Given the emphasis of the guidelines on mobile and user experience, clearly there is value in webmasters and SEO practitioners placing a strong focus on mobile usability. Tracking user behavior on mobile devices via web analytics and using that data to improve the experience should be part of any SEO campaign. Bounce rates, navigation paths, session duration, conversion rates, and all other user behavior metrics should be examined on mobile traffic as a whole and on specific devices.

What the Guidelines Tell Us About the Future of SEO

The value of this guide is not only in helping us to gain unprecedented insight into the functionality of Google’s search algorithm; it also gives us ammunition to more accurately predict future refinements and updates to both how content is ranked and how search result snippets may change.

Because experimentation is Google’s primary focus of using human evaluators with the goal of effectively adjusting the algorithm for improvement, these guidelines inform us specifically what Google engineers are looking to accomplish in these experiments. I urge all of you to review the guidelines and conduct your own search experiments. Be sure to share your findings in the comment section below.


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Marc Purtell

Marc Purtell

VP of Search Marketing at Direct Focus Online
Marc Purtell is VP of Search Marketing at Direct Focus Online, a full service digital marketing agency that employs hundreds of marketing experts worldwide. He can be contacted at
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  • Vishal Saini

    Hello Marc
    What is the name of this release is it panda, penguin or hummingbird update or its come with new name?

    • R.Rogerson

      It’s not an algo.
      It’s a document that G supply to people doing SERP tests for G.
      They look at results and then grade them.
      This information is fed back into G to score the changes the techs have made.

      Though there is little direct relation between ranking factors and guide analysis,
      it is possible to find relations and potential relations.
      (Just waiting to see how many jump on several things and incorrectly declare them :D)

      • Ronit Tamrakar

        Thanks R.Rogerson. I was about ask the same question that Vishal asked. When is Google releasing its New Algo Update?

      • Marc Purtell

        Ronit, Google confirmed that are working on a Penguin algorithm update (Penguin focuses on a website’s link profile) and plan to launch by the end of the year. Therefore, if on schedule, we should see something this month or early into 2016.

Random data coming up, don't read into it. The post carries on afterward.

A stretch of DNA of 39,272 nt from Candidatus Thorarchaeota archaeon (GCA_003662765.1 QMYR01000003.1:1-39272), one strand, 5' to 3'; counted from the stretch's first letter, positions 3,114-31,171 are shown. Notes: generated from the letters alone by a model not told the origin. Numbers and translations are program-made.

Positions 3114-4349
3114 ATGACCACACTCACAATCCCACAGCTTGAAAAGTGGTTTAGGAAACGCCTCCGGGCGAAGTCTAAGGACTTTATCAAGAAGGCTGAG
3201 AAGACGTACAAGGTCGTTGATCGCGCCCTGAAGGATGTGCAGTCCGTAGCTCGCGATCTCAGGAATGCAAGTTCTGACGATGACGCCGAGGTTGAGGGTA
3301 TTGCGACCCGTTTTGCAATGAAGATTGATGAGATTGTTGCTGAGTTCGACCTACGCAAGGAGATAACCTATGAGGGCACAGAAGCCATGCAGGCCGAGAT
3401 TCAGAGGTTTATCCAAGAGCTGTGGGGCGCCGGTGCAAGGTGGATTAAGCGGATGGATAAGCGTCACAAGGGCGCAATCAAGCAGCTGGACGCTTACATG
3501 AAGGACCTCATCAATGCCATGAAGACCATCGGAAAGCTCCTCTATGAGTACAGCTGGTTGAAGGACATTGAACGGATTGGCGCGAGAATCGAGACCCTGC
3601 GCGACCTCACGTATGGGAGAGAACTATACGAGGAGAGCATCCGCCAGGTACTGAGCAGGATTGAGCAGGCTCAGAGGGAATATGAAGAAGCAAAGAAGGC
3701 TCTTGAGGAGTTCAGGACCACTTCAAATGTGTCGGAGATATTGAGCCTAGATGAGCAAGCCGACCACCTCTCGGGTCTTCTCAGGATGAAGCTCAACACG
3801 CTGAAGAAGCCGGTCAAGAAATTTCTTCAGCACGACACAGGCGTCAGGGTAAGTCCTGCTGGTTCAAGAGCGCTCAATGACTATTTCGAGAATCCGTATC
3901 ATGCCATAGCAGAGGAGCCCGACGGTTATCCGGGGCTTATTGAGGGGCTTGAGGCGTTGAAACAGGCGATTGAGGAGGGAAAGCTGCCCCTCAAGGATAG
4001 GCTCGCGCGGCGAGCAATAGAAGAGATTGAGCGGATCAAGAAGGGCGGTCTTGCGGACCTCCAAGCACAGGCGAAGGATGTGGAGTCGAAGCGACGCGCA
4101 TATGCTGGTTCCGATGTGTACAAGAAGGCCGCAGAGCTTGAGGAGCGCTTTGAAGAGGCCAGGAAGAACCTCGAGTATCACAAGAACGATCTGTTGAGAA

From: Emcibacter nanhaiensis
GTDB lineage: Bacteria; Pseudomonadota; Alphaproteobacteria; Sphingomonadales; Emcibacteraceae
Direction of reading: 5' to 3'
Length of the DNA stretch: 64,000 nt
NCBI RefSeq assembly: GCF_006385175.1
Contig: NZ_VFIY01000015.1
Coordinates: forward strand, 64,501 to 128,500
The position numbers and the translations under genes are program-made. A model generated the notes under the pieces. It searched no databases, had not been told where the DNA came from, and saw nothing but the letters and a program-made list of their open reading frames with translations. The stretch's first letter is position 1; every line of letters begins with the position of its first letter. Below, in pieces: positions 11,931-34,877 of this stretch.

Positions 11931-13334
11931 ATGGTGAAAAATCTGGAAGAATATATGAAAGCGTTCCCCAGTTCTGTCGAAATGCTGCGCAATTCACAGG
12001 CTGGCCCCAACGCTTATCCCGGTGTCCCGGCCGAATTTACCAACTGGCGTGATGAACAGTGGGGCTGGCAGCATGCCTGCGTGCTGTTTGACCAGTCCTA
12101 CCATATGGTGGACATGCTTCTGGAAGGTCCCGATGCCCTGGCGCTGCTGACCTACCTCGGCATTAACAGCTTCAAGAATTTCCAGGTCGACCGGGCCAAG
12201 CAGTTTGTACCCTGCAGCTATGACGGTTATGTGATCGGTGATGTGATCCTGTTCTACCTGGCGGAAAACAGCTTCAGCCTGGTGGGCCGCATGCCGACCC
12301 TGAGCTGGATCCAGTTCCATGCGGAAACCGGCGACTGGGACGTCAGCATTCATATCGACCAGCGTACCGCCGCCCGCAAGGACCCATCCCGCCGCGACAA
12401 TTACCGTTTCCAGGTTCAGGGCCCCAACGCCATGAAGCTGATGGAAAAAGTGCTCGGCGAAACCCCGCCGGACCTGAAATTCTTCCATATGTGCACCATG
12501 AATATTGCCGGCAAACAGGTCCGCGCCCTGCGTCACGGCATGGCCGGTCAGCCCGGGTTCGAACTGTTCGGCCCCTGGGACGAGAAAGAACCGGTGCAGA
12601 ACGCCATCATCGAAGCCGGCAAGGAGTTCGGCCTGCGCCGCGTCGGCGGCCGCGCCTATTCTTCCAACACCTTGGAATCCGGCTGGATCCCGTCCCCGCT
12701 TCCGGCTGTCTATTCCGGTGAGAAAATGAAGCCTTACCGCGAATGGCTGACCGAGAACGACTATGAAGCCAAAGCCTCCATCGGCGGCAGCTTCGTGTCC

• Marc Purtell

      Thank you for your question Vishal. R.Rogerson is correct. While this is not an algorithm update, it is valuable in helping us understand Google’s focus for future updates.

      • Vishal Saini

        Thanks Marc Purtell & R. Rogerson.

  • David Markus

    Idea in 2013’s leakage was more remarkable. This one was foreseeable, assuming you were paying attention. Neither seem making Google vulnerable by any means (that I could consider).

    • Marc Purtell

      David, I agree that there was more new insight in 2013’s guidelines leak. With Google releasing this version officially, it seems that this is what they want webmasters focusing on in order to improve their own search results.

  • Steve Twomey

    Nice share. The trust piece I am seeing very heavily in place with publisher NAP, as well as quality scores of the sites and posts being measured by more than simply Domain Authority and Page Authority. Trust Flow and Citation flow metrics are great, we are also paying attention closely to Moz Rank and Trust when comparing sites.

    • Marc Purtell

      Thanks Steve! MozRank and MozTrust are indeed great metrics for evaluating trust. Majestic’s Trust Flow metric can also be used to double-check the Moz scores or for sites that aren’t yet in Moz’s database (Majestic has a larger database).

  • Jonathan Alvin

    I think that every website should be mobile-friendly. As, Google algorithms are focussing more and more on queries made by mobile users, so the mobile-friendly websites are more likely to get ranked.

    • Marc Purtell

      Very true Jonathan. Furthermore, mobile search volume officially exceeded desktop back in May.

  • Dennis

    So in other words, we just keep on, keep’in on…

    • Marc Purtell

      If you’ve been doing the right things 😉

  • Hussain

    Hello Marc,
    I think they have mentioned the mobile search in Google Webmaster Central Blog as it is the obvious trend since the publishing of the last guidelines, but they are actually focusing on everything related to QUALITY. Reliability, transparency, and the quality website measurement were clearly defined this time.